Secondly, design your content strategy to engage and teach your potential customers throughout their buying process with compelling content in the formats and channels needed. This content strategy should address both indirect content for digital channels and offline and shareable content for direct channels, meetings, etc.

Stages of the customers' buying journey.
Each step a B2B customer takes in the buying journey is directly related to their purchase intention or level of interest and readiness in purchasing a product.

The different stages of a buying journey, and the types of content needed:

1. Awareness
Content should more broadly speak about technologies, business-trends, etc.
Recommended types of content:
Infographics, Explainer videos, Whitepapers on industry or technology level.
Leads stay in the “Awareness” category until they have decided that a solution, technology or changes is needed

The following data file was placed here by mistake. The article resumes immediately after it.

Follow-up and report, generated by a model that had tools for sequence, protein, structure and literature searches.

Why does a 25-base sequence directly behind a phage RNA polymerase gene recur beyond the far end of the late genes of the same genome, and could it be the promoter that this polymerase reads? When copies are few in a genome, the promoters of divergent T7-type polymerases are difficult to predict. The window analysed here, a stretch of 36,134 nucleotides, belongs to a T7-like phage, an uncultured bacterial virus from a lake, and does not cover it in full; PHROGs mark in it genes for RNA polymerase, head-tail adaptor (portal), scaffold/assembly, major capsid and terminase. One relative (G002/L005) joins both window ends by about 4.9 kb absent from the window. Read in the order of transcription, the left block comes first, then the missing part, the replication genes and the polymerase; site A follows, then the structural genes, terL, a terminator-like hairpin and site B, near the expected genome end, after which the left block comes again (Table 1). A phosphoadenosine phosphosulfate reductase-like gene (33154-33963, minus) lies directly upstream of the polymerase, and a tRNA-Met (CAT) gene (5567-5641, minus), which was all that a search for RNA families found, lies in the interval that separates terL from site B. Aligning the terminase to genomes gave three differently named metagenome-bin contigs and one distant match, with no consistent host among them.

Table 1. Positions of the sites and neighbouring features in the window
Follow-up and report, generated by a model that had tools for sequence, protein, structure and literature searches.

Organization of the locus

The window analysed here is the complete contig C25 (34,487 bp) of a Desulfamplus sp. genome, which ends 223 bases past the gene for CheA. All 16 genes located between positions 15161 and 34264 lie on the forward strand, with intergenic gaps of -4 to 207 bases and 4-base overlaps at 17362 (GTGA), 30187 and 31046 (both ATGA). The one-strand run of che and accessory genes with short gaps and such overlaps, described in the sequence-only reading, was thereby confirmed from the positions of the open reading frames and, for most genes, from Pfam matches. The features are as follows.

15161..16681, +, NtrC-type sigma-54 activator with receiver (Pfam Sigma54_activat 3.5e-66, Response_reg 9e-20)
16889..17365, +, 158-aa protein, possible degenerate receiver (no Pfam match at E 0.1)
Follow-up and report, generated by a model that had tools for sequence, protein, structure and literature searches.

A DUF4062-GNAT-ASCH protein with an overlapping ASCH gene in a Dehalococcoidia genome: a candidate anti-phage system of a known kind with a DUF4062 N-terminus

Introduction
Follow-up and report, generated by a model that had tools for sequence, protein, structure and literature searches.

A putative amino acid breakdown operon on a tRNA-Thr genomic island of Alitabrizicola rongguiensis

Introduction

2. Interest
In this stage, content should teach about your product areas and describe the impact of working with your company.
Content in this stage should provide instructions on how to procure and use the service or product offered by demonstrating the value of working with you.
Recommended types of content:
Detailed product description on features and benefits, how to collaborate, How-to-guides describing typical issues and concerns.

3. Decision & Action
When the customers are informed and ready to say GO or NO-GO you need content that convinces them that your service or product is the best option for them.
Recommended types of content:
Reviews & product comparisons are both good at influencing the purchasing decision. This type of content is crucial for closing the deal, so if they cannot find honest reviews or comparisons, they may be skeptical that you have something to hide.

As part of the indirect content strategy, remember to invest in SEO and possibly SEM to ensure relevant leads will encounter your content.